Why does Cormac McCarthy not give his characters names in The Road? How do the labels "boy" and "man" affect the way readers relate to them?

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This is most likely an artistic decision, done primarily for aesthetic effect and narrative reinforcement. The world of McCarthy's The Road is a bleak and barren wasteland. When we read McCarthy's prose, we almost imagine the entire world in black and white. Besides pockets of chaos that contain the most absolutely wretched levels of humanity, the narrative journey of the road is a somber and arduous trudge that is not nearly as tragic as it is simply numbing. The characters are not on a traditional journey, because in this world, there is not a significant amount to gain.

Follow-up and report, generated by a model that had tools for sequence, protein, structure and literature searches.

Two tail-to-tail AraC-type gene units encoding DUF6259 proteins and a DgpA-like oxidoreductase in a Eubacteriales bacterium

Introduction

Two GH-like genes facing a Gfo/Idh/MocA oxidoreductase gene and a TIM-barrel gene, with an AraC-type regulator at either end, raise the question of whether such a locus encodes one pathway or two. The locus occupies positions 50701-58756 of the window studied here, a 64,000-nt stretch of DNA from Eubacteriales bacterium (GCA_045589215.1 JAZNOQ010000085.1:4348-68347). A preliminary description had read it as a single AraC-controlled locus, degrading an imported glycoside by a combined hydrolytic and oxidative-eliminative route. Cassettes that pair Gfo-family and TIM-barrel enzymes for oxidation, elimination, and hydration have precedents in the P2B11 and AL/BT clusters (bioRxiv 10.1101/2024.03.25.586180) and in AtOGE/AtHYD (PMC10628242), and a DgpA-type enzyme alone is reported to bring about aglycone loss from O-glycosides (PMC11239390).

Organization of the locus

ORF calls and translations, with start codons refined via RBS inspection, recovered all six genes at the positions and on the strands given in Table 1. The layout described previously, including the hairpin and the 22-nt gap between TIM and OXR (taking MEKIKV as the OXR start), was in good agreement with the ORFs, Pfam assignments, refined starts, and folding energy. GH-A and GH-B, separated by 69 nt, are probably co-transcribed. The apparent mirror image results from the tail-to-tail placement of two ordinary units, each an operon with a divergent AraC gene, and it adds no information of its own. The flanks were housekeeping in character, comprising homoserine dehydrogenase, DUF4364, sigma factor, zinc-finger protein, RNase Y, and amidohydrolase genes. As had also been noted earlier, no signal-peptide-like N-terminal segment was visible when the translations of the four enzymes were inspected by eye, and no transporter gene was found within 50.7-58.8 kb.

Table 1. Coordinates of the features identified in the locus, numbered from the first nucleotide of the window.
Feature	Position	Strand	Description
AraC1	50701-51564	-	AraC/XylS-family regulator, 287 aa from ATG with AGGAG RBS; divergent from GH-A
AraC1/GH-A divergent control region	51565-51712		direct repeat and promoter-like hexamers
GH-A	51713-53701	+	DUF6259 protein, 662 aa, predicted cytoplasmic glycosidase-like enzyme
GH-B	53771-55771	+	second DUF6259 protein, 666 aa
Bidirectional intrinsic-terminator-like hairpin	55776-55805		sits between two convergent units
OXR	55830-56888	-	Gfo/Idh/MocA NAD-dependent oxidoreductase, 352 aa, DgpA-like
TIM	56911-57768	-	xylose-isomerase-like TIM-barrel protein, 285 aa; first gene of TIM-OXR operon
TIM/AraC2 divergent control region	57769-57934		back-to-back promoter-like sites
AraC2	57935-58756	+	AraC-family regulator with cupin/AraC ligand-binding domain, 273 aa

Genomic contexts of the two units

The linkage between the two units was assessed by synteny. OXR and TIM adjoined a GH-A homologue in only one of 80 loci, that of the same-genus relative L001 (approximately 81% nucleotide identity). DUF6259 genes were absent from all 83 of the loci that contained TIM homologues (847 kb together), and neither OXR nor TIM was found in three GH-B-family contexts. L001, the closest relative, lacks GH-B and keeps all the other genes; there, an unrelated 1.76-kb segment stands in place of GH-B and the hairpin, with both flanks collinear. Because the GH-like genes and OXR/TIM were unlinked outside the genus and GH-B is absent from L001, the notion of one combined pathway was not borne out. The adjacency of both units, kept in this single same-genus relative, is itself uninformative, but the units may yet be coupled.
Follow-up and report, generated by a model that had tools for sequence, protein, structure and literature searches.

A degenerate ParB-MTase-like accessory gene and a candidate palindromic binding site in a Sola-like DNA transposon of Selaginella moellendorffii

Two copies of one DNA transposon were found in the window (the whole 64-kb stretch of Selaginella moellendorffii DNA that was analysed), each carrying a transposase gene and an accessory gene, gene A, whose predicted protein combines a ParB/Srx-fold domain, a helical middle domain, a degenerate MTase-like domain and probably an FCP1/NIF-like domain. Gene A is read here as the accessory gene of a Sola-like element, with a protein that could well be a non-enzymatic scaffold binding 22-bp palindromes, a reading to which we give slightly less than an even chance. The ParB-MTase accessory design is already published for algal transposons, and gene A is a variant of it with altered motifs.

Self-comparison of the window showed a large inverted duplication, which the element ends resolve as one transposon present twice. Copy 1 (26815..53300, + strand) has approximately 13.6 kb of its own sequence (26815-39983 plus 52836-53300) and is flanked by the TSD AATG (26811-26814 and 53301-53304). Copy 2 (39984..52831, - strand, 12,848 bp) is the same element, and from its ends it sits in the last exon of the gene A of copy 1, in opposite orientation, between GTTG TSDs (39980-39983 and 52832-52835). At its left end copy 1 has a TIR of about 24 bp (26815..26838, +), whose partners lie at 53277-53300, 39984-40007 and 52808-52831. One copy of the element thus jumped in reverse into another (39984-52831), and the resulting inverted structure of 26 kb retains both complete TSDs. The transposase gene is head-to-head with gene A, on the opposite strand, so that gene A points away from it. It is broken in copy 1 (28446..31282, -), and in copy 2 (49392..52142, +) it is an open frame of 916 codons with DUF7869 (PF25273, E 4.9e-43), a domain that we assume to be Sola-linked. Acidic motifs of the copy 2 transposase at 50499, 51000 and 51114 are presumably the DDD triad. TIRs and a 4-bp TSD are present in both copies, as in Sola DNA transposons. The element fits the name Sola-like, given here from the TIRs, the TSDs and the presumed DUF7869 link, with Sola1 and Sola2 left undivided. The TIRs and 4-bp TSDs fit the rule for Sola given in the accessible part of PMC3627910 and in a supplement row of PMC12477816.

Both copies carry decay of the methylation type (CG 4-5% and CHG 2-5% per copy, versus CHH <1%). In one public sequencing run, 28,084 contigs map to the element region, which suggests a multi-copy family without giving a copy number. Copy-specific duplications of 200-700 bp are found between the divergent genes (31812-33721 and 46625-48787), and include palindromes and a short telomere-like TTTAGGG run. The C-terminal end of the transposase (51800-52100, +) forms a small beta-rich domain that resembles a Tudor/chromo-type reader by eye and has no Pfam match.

The characters go unnamed to give them a flat effect, even though they both go through huge dynamic changes. They have no grand destiny or special skills that you would expect from typical protagonists; both the man and the boy are nobodies. While that sounds harsh, it is also what makes both characters so extraordinary. They could be absolutely anyone. McCarthy shows that anyone could be capable of surviving miserable...

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